1. Peer-to-peer (P2P) computing technology enables users of a particular P2P network to access and copy files that are located on the computers of other users who are logged in to the network. Unlike traditional Internet transactions, in which a user’s computer obtains information from a specific website operated by a central computer “server,” P2P networking software gives users direct access to the computers of other users on the network. [Citation omitted.] P2P file-sharing software thus performs two principal functions: First, it searches for and locates files that are available on the various “peer” computers linked to the network, and second, it enables a user to retrieve and copy the desired files directly from such computers.

This history could hardly be more wrong. The ability to share files between any two computers on the network was an explicit goal of the Internet, from day one. The web is not a traditional aspect of the Internet, but a relatively recent development. And the web does not require or allow only large, centralized servers. Anybody can have a website – I have at least three. Searching for files and retrieving copies of files is a pretty good description of what the web does today.

What the Solitor General seems to want, really, is a net that is easier to regulate, a net that is more like broadcast, where content is dispensed from central servers.

The anti-porn amici come right out and say that that is what they want. Their brief uses some odd constructions (“Like any non-sentient, non-judgmental technology, peer-to-peer technology can be misused…”) and frequent recourse to the network fallacy.

Their main criticism of Grokster is for its “engineered ignorance of use and content” (p. 9; note that the quoted phrase is a reasonable definition of the end-to-end principle, which underlies much of the Internet’s design), for failing to register its users and monitor their activities (e.g., p. 13), for failing to limit itself to sharing only MP3 files as Napster did (really! p. 17), and for “engineer[ing] anonymous, decentralized, unsupervised, and unfiltered networks” (p. 18).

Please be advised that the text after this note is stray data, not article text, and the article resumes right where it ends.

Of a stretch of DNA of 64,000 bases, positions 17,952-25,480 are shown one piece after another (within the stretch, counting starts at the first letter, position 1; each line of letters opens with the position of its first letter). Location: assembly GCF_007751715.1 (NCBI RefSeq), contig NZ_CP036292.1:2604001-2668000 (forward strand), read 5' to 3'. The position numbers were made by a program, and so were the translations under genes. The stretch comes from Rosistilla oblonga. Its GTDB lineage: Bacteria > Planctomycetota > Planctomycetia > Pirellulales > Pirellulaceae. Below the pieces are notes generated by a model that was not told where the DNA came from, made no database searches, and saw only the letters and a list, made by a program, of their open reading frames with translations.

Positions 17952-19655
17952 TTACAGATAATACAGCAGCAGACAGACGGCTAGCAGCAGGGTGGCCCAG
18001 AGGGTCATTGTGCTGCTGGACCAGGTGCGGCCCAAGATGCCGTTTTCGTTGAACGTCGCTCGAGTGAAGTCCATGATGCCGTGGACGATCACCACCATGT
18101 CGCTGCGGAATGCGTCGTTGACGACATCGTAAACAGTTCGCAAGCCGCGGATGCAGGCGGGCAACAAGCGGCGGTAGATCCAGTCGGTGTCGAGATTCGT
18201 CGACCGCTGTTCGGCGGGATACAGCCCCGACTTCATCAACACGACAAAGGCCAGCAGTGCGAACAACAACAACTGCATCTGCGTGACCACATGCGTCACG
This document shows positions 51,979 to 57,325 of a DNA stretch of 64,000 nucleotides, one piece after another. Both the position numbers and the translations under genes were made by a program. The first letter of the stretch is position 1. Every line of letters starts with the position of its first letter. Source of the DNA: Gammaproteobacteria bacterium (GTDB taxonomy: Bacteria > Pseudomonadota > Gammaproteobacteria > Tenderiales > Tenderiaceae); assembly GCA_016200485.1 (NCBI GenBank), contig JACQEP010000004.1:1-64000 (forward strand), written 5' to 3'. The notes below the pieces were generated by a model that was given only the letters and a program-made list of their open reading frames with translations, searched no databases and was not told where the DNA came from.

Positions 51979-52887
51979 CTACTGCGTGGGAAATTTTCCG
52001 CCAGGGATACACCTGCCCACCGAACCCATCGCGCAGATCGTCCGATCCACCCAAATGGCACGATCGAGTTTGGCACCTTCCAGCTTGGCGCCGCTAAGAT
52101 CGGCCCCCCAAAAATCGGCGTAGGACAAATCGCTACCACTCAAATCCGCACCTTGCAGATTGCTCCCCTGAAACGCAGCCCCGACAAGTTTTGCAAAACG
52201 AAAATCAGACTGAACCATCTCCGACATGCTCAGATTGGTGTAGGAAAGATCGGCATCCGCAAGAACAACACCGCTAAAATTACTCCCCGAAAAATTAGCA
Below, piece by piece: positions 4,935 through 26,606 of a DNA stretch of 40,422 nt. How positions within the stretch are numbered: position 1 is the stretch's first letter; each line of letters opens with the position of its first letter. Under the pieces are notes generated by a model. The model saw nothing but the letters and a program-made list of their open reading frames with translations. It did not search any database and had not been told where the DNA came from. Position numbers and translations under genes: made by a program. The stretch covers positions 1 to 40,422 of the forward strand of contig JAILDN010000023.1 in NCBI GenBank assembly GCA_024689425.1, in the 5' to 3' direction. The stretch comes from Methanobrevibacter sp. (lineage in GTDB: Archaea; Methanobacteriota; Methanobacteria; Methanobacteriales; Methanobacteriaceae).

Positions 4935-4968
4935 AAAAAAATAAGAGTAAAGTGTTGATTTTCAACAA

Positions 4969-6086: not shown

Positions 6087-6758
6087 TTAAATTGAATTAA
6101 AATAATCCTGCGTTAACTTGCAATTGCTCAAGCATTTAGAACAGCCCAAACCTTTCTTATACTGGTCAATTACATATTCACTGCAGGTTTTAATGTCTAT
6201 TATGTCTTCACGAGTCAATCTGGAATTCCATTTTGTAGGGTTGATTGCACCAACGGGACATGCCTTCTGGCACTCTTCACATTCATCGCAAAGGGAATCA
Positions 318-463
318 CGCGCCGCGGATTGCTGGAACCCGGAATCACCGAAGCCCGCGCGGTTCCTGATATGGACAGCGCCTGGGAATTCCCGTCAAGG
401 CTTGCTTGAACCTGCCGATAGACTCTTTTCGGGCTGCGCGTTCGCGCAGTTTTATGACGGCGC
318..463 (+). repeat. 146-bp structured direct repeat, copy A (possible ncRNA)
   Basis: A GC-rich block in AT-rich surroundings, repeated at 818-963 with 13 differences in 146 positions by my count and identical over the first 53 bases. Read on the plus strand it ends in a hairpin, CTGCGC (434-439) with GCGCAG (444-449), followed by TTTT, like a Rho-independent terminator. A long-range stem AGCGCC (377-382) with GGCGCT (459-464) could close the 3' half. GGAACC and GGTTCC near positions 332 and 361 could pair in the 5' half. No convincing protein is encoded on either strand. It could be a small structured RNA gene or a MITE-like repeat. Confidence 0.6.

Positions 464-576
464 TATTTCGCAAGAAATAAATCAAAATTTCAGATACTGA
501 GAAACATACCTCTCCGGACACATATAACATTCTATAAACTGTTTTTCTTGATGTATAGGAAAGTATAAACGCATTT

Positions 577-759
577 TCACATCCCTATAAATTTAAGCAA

These arguments (as the lawyers say) prove too much, as they would apply equally to the Internet itself, which is ignorant of use and content, does not register most of its users or monitor their activities, does not limit the types of files that can be shared, and is generally anonymous, decentralized, unsupervised, and unfiltered.

What kind of net would make these amici happy? The Solicitor General speaks approvingly of LionShare, Penn State’s home-grown P2P system, which appears to register and log everything in sight. Of course, LionShare doesn’t fully exist yet, and even when it does exist it will not be available to the public (see LionShare FAQ, which says that the source code will be available to the public, but the public will not be allowed to share files with “authorized” academic users). For a member of the public who wants to share a legal, non-porn, non-infringing file with a wide audience, the Web, or Grokster, is a much better technology than LionShare.

These briefs are caught between nostalgia for a past that never existed, and false hope for future technologies that won’t do the job.